Box blight

Box blight is a fungal disease of box that causes bare patches, brown leaves and dieback, especially in topiary and parterres. It is particularly active during wet periods.

Box blight
Box blight

Quick facts

Common name Box blight
Scientific name Calonectria pseudonaviculata and Calonectria henricotiae (syn. Cylindrocladium buxicola)
Plants affected Buxus spp. (box)
Main symptoms Brown leaves and bare patches
Caused by Fungus
Timing All year round, but most active in rainy seasons

What is box blight?

Box blight is a disease of box leaves and stems caused by two closely related fungi, Calonectria pseudonaviculata and Calonectria henricotiae (syn. Cylindrocladium buxicola). The two species of Calonectria differ in their sensitivity to some fungicides (triazoles). They largely affect Buxus spp. (box) in the UK, but other plants in the Buxaceae family are also susceptible.

Box blight is just one of a number of problems box suffers from. A second blight, called Volutella blight, also affects the plant, but is less serious. Box in the UK is also increasingly affected by box caterpillar.


Correct diagnosis is important because of the effort involved in managing box blight. Try to catch it early, because the further advanced the epidemic, the harder box blight is to manage. You may see the following symptoms:

  • Leaves turn brown and fall, leading to bare patches
  • Black streaks and dieback on young stems 
  • In wet conditions, the white spore masses of the fungus may be seen on the undersurfaces of infected leaves (place leaves in a plastic bag with moist tissue for a few days to check). Note that spore masses of Volutella blight will look pink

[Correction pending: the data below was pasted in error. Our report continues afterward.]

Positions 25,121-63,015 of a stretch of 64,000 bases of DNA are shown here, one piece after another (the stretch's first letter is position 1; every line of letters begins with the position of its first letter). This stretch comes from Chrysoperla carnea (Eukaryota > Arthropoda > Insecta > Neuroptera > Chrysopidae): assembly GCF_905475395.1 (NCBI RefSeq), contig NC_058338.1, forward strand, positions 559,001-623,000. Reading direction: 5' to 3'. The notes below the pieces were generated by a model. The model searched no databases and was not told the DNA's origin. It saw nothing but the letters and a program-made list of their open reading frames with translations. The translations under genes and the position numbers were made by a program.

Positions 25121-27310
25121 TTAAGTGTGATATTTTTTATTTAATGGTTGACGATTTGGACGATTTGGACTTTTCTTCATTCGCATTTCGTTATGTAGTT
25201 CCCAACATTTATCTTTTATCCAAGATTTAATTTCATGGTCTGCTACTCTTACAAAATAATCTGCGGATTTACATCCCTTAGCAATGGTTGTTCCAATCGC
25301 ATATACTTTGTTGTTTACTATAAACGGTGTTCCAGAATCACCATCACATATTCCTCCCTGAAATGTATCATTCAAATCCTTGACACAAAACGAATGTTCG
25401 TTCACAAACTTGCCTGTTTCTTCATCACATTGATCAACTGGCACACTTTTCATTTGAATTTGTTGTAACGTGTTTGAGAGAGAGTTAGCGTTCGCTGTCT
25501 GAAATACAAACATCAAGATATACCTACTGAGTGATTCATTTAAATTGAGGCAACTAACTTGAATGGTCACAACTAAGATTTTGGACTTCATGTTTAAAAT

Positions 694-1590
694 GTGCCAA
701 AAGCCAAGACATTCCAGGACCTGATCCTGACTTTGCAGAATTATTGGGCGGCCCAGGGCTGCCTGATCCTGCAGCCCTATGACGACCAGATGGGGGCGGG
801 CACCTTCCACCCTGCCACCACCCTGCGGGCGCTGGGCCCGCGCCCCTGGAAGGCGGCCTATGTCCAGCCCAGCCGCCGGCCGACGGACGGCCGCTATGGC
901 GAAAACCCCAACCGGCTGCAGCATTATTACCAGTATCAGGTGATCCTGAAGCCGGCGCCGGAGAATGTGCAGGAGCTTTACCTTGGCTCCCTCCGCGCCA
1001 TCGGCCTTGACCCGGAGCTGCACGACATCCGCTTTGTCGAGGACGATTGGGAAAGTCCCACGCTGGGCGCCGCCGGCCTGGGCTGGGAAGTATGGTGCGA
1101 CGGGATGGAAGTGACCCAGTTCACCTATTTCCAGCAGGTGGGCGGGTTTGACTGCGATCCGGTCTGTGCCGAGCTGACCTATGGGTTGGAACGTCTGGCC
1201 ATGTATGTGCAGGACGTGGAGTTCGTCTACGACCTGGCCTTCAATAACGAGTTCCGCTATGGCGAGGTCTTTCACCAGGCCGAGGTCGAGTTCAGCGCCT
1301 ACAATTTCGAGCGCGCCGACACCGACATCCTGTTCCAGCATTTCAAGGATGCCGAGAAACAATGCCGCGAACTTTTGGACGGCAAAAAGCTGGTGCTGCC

• While box caterpillar also causes defoliation, this is distinguished by cobweb-like webbing, the presence of green and black caterpillars, and curved cut-outs in leaves from chewing


The RHS believes that avoiding pests, diseases and weeds by good practice in cultivation methods, cultivar selection, garden hygiene and encouraging or introducing natural enemies, should be the first line of control. If chemical controls are used, they should be used only in a minimal and highly targeted manner.

Non-chemical control

If your garden is free of box blight, or you are yet to plant box, there are steps that you can take to minimise the risk of it arriving and to prepare the garden for its possible arrival. For more detailed information, see our page box blight: keeping it out.

Cultural control and hygiene

Hold any commercially sourced plants in isolation for at least four weeks to confirm they are free of infection before planting out. Commercial nurseries may use fungicides which suppress but do not kill the fungus, and this isolation technique will allow time for suppressed disease to become visible. Taking cuttings from healthy box in your garden will reduce the risk of introducing the disease.

Inspect plants for early symptoms as box blight spreads very rapidly in warm and humid conditions and is difficult to manage.

Reduce the frequency of clipping to create more ventilation throughout the plants (regular pruning creates dense foliage and less air movement). Prune a hedge with a convex top rather than flat and prune only in dry conditions. Clean pruning tools with a garden disinfectant or mild bleach solution between different areas of the garden and between gardens to minimise unwitting spread of the disease.